Education and Outreach
“It’s late afternoon on a Tuesday in November, the day before Veteran’s Day, in Cabaret Jazz. For the second consecutive night, more than 50 teachers who could have started a rare mid-week holiday after the last school bell rang have instead gathered for a professional development workshop to learn how to apply drama strategies for engaging their students and strengthening interpersonal connections in the classroom. Hosted by The Smith Center’s Education and Outreach team, the teachers have been served sandwiches so they could skip dinner in order to be here, and now they’re watching two actor-educators from LA take a moment to “genuflect,” bowing to them in honor of their dedication to students in general, and specifically for setting aside unpaid personal time to attend the workshop.
Debbie Devine and Jay McAdams, the genuflecting creators and presenters of the Teaching as a Performing Art workshop, have no shortage of dedication themselves. They began producing plays inside a 1920s-era carriage house on West 24th Street in LA in 1997, and quickly realized 24th Street Theatre’s destiny included outreach and education projects with the surrounding community. The experience, expertise and ease with which they conduct the workshop are well apparent, and the teachers respond with enthusiasm. That’s due in no small part to the common denominator between today’s theatrical hosts and educator guests: They are all motivated performers. Devine and McAdams are here to help them be the most effective performers they can be.
“The thing we love the most, and we’ve been doing it so long, is doing professional development for teachers,” says Devine, 24thStreet’s artistic director. “Because to be in a room with your spirit and your energy and your missionary work, and we know it’s missionary work – oh, no, we’re doing it for the money! I forgot – is an honor.”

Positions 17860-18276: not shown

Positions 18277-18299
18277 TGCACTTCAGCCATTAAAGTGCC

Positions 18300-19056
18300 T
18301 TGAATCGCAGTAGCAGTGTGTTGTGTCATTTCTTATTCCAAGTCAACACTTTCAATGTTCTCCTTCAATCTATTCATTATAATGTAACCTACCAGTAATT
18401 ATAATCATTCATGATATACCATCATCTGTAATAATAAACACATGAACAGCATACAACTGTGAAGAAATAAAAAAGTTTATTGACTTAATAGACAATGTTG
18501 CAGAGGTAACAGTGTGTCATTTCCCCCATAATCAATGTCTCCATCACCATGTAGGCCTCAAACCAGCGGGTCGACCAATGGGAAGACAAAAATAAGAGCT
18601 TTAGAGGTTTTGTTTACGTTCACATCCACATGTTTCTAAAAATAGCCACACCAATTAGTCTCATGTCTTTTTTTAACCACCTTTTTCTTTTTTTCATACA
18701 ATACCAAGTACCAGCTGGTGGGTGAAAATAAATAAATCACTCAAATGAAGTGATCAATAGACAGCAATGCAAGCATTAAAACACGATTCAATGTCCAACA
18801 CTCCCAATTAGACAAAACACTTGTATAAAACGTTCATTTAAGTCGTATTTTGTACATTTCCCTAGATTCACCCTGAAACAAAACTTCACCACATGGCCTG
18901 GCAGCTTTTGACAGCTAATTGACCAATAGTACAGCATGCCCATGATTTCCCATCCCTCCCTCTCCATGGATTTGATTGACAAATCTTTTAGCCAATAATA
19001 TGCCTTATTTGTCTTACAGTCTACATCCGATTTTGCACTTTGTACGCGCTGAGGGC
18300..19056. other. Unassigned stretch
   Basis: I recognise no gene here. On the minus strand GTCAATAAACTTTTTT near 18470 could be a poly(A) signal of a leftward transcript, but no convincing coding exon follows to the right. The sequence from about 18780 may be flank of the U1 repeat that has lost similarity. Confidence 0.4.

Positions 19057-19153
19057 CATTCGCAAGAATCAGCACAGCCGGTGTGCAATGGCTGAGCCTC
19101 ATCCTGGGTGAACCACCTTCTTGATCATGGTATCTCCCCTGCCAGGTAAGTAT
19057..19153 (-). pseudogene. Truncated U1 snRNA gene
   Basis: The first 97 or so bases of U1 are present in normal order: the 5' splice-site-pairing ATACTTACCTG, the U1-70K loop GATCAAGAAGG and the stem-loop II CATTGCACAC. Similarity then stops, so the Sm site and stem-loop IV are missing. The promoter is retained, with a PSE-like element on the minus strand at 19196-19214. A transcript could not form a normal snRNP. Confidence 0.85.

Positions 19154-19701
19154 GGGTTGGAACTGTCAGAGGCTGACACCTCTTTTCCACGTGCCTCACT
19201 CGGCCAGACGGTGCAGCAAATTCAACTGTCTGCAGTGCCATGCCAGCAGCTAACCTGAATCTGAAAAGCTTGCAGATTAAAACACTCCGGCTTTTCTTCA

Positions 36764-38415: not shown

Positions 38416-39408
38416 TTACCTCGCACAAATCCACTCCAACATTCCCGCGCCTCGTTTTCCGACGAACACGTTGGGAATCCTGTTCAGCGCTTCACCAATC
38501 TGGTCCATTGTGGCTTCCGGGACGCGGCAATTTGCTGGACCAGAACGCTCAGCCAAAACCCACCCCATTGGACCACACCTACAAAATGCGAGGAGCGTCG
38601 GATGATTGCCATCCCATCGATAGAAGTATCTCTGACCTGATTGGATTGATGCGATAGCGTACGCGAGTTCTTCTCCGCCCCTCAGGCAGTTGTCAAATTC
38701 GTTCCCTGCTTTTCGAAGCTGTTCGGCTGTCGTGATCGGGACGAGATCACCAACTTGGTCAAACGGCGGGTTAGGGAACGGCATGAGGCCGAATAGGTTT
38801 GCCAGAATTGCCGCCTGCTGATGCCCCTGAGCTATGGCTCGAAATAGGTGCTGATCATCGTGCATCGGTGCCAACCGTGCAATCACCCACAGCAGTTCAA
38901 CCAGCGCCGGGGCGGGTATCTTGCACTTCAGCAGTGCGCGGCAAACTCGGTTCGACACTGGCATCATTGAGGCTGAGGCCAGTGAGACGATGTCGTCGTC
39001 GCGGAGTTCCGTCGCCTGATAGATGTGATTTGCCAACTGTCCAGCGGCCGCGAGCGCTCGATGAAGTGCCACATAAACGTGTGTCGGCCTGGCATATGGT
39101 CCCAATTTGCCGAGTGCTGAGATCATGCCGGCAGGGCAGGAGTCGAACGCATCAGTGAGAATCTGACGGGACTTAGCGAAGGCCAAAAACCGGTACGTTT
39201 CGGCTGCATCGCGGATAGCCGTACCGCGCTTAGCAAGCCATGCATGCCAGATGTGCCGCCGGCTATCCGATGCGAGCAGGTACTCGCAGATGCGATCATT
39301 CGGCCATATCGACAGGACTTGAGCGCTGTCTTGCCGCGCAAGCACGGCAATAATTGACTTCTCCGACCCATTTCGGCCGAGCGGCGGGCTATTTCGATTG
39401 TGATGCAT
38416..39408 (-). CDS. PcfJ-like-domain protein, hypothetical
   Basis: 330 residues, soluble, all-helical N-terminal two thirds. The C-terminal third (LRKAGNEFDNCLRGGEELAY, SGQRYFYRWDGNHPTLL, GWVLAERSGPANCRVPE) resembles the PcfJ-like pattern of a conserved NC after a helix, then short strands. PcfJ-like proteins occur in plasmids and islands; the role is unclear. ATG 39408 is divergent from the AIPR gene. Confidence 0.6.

The joke draws a laugh from the teachers, who proceed to participate in a role-playing game that segues from a few random warm-up examples to improvised encounters between teachers, principals, parents and students. “My taxes pay for your salary!” says one teacher, hamming it up to the delight of her peers.
“I want all your time and all your energy!” says another, drawing bigger laughs.
“You guys are rocking this!” says Devine, having successfully broken the ice and allowed the teachers to comically vent a little.
“Teaching is a performing art, five days a week,” adds 24th’s executive director McAdams, driving home the gist of the workshop before moving onto the next exercises, which the teachers approach with relish. The one requiring the most imagination has them divide into groups of five then create stories via three freeze-frame tableaus of incidents that occur at school. The hilarious depictions of fire-alarm mischief, “runner” students and other lesser-rewarding responsibilities thrust upon teachers seem like they’re coming from experienced improv performers.
That’s because they are, having cultivated the skill through dedicated efforts to educate. Devine and McAdams end the workshop by asking teachers to declare out loud the reasons they became a teacher. One by one the answers come from individuals of all ages and backgrounds:
“So I could be the teacher I needed back then.”
“Every child’s voice should be heard.”
“A love of learning.”
“I wanted to use my heart, soul, and mind together.”
“I love those “a-ha!” moments.”
Maybe only the most motivated teachers are in attendance, but they can go back, share ideas, and impart enthusiasm. That’s one goal of 24th Street’s efforts as well as The Smith Center’s professional development program, which focuses on arts integration and teaching in and through the arts. Whether it’s theater, music, movement or reaching children on the autism spectrum through magic, whether it’s visits to campuses or offering creative strategies through workshops, there’s one shared objective, one thing everyone involved really wants – the best for the kids.